This brings us to the second aspect of Tai Chi, which is the martial or combative aspect. Because of its basis in traditional Chinese medicine, Tai Chi the healing art can become Tai Chi the fighting art. Knowing which areas of the body are vital for well being and health means that the practitioner knows which areas of the opponent’s body to disable.
The first basis of Taijiquan Kungfu as a martial art is Tuishou or Pushing Hands. This starts as a series of ritualised exercises between partners with opposing hands in contact. The idea is to learn to “listen” to the opponent’s energy and his intentions with your hands and body. The ultimate aim of Taiji is encapsulated in one very classical adage: “My opponent is still, I am still; my opponent moves, I move before him”. Taiji does not train the body, it trains the whole person. It trains the person to achieve such a degree of sensitivity to the aggressor’s intentions, so as to forestall the aggression. This is achieved by training oneself to achieve “Sung”. Sung is often erroneously translated as relaxation. Sung certainly requires us not to be stiff and rigid, but neither does it require relaxation. The best I can come up with it is that it requires a powerful fluidity that emanates from deep co-ordination of the whole body and mind. Unlike the action/reaction training common to other martial arts, Taiji does not ask you to react to a movement, it teaches you to anticipate, neutralise and counter in one action even before the opponent has finished the attack. All this is impossible without an understanding of Neigong.
The gradual attainment of Sung and the study of Neigong renders possible the development of the next step. This is Chansi Jin, also referred to as spiral energy or silk reeling energy. Chansi Jin is really the essence of internal martial arts. The practitioner learns how to generate and project force through a wave like chain of circular movements inside the body. In external martial arts, a blow is delivered principally by the muscular action of the limb which delivers it. Admittedly a good practitioner of such an art would also take great care to project as much of his body weight behind such a strike, to render its effects more telling on the opponent. In internal arts, energy travels up the legs and through circular movements of the waist, chest and shoulders is final projected through the arm in the case of a punch. However the arm itself travels only few centimetres before connecting with the target. If performed with full speed and co-ordination, the blow would be nearly invisible to an onlooker.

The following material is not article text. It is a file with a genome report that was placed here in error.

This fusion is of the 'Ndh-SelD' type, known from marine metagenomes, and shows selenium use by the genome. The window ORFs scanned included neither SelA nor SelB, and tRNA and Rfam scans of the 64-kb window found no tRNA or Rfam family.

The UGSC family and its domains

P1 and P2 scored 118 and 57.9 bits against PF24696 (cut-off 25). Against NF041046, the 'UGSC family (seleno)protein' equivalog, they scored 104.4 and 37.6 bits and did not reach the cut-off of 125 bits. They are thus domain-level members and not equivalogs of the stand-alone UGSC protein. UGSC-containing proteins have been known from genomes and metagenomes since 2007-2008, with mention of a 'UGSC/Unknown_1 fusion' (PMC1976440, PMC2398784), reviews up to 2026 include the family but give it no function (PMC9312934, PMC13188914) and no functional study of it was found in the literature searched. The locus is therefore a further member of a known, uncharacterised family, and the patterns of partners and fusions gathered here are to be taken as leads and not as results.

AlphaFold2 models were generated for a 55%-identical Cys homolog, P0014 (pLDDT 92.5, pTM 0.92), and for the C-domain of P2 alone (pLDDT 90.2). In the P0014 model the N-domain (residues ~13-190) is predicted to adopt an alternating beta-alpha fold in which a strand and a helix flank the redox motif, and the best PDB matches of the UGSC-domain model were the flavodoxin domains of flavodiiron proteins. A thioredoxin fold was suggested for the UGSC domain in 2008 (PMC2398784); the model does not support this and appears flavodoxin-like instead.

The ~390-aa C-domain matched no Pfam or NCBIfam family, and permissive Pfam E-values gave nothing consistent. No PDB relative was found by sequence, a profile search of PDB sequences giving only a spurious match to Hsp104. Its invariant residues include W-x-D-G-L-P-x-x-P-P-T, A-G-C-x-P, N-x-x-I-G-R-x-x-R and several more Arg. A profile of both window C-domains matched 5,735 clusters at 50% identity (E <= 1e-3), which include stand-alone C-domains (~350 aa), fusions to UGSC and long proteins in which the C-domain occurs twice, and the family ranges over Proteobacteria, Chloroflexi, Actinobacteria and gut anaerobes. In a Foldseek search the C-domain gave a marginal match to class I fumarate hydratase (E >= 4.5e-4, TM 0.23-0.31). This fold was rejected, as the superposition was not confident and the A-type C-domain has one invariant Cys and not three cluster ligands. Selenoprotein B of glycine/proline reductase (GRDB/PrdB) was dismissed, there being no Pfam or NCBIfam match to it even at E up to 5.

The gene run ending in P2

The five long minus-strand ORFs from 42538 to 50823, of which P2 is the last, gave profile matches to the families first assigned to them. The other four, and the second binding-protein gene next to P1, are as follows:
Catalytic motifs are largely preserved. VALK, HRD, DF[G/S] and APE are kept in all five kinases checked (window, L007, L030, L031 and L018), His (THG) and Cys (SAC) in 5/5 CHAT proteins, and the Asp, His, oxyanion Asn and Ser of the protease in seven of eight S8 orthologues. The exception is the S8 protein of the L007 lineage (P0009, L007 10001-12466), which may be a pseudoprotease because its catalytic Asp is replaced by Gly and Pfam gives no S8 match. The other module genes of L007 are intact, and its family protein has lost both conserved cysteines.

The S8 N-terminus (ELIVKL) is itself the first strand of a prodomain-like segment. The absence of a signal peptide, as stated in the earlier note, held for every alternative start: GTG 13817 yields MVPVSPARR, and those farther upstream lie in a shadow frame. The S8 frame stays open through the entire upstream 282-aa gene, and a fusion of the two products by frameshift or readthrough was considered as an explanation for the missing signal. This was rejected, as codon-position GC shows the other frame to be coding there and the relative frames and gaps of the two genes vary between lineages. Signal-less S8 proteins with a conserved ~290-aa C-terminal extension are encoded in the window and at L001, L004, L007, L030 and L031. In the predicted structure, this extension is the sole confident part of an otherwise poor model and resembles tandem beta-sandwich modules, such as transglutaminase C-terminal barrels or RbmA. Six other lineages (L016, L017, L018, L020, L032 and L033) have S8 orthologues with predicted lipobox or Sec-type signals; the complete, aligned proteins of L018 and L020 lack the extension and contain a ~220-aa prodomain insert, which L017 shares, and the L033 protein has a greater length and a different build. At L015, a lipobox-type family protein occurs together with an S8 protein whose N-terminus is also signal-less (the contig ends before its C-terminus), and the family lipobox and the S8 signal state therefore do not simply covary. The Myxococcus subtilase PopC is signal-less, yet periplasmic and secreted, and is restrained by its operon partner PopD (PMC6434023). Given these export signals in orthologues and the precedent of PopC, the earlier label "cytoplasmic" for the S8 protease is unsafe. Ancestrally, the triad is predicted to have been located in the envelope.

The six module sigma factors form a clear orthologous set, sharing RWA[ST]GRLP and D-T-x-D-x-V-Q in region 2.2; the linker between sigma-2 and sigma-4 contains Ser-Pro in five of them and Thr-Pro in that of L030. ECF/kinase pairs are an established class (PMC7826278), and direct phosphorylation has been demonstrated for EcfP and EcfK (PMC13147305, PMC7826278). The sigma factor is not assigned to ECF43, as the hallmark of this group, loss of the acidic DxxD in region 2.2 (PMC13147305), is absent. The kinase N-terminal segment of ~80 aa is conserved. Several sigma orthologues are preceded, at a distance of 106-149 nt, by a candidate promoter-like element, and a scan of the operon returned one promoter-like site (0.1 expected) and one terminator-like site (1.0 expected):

This sudden explosive release of such force is known as Fa Jin or Fa Lin. It is the highest level that a taijiquan practitioner can reach. This seemingly inexplicable power does not depend on size or build, but is achievable by the frailest looking individuals through constant study and application.
Because these movements are small they are difficult to demonstrate, more difficult to perceive and understand, and most difficult to replicate!
As a result it can take years of constant practice to achieve any sort of competence, never mind mastery. My personal view is that this is what attracts me most of all about Taiji. It’s a never ending journey. You can never get bored with it, because if you practice it in the right frame of mind, it constantly updates itself within you, with new insights and nuances. You may practice a form thousands of times; no one will feel exactly like the one before it.
How does all of this tie in with the title of this presentation? The mission statement of the Malta Chen Taijiquan Association is symbolised by the characters pronounced “Zhen di” or True Meaning. In the practice of Tai Chi it is common to find schools that teach movements or forms which look like Tai Chi but are not Taiji. They simply teach a sequence of movements which can look pretty and graceful, but is meaningless. It can be an empty choreography. True Taijiquan is where the whole mind and body act with one intent; where energy is gathered from within, stored and released at the right moment in a precise direction at a determined point.
That is the True Meaning.